*These are the words of the British poet William Blake, who wrote in the late 1700s of the dreadful oppression of poverty that he saw in London.

Friday, December 01, 2006

Bible Translations--What's the Difference?

I work with an interdenominational college students’ Bible study that meets once a week. My job is to arrange the food—we always feed them dinner. That’s very important to a college student who is away from Mama’s cooking! I assure you, they are HUNGRY. Different churches in our community help out by providing food.

They are hungry in other ways, too. They need spiritual food. Four of our leaders take turns teaching from the Bible once a week. They need more help than that, so we decided to send out a mid-week something with devotional thoughts. My friend Janet has the job of group communications; she writes weekly devotionals for them. She takes this job seriously and does it prayerfully. I asked her to let me share last week’s mid-week devotional with you because it talks about some important things:

Janet wrote:

"Self-help is no help at all. Self-sacrifice is the way, my way, to finding yourself." Can you guess who said that? Dr. Phil? Oprah? Nice sentiment. But who said it? What? Matthew 16:25? You’re kidding. I don’t remember Jesus saying ANYthing about finding yourself.

These were my thoughts when I first encountered this verse from The Message. No, it is not a bible. It is a paraphrase. But it has been used liberally by writers, most notably Rick Warren, to establish the authority of their viewpoints. Paraphrases should never be used as a substitute for the Bible, but used like a commentary along with it as an aid.

But what aid? Can you trust a paraphrase that turns this: "For whoever wishes to save his life will lose it; but whoever loses his life for My sake will find it.—Matt 16:25 NASB--into a self-actualization message? We are talking about eternal life, here, not finding your groove or getting the most out of this life!

The plethora of translations and paraphrases can cause confusion, especially to outsiders who gleefully conclude that the Bible is too “tampered with” to have any relevance to their lives. But what are believers to make of all of it?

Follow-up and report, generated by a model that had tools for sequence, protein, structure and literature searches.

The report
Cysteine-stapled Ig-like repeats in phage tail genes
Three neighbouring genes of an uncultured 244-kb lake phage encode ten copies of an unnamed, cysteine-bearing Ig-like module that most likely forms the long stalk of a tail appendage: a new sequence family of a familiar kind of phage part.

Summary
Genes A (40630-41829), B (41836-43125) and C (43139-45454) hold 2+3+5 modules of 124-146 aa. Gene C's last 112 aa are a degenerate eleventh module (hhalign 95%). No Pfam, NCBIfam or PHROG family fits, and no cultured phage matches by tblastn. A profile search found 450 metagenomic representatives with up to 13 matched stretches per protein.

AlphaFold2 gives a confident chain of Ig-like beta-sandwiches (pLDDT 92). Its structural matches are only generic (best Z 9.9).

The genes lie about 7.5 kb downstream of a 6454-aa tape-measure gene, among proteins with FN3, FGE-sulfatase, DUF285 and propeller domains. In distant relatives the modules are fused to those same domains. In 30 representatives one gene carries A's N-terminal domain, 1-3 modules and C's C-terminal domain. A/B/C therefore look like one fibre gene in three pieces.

I believe that we can say with confidence that the original manuscripts are the inerrant word of God. There have been enough manuscripts found to give us additional confidence that we are dealing with inspired words divinely preserved for us. There is much evidence to confirm the Scriptures as divine. But what of translations? There is no assurance that they are divinely inspired, thus each believer has to exercise some discernment. Each translation (not paraphrase) has a body of scholars who undertake their assignment with a set of underlying assumptions. The NASB, for example, attempts to be faithful on a word by word basis to the original text, while the NIV uses the meaning of the word from the original text to find a common English equivalent in order to make the text more modern and understandable.

Both approaches have merit, and you will benefit from reading both when you study. Just as we are not supposed to form our doctrinal beliefs upon only one verse from the Bible (called proof-texting), we should not ignore the fact that translations include biases from the people who labored over them, and so consult other translations (including also the NKJ and NEV) frequently.

The Scriptures themselves warn us not to take God’s word lightly (Rev 22:18-19). Your faithful attendance to a weekly Bible study shows how much you value God’s word. Pray for continued guidance and discernment as the Word is attacked by those who would deny its power. For the word of God is living and powerful, and sharper than any two-edged sword, piercing even to the division of soul and spirit, and of joints and marrow, and is a discerner of the thoughts and intents of the heart.—Hebrews 4:12 NKJV

The worst attacks are the subtle ones from within. For the time will come when men will not put up with sound doctrine. Instead, to suit their own desires, they will gather around them a great number of teachers to say what their itching ears want to hear.—2 Timothy 4:3 NIV

The more you know your Bible, the less likely it will be that you will be misled. Difficult verses often have to be interpreted in light of what the rest of the Bible says. Not surprisingly, we recommend the hard work of daily Bible study as a remedy for itching ears!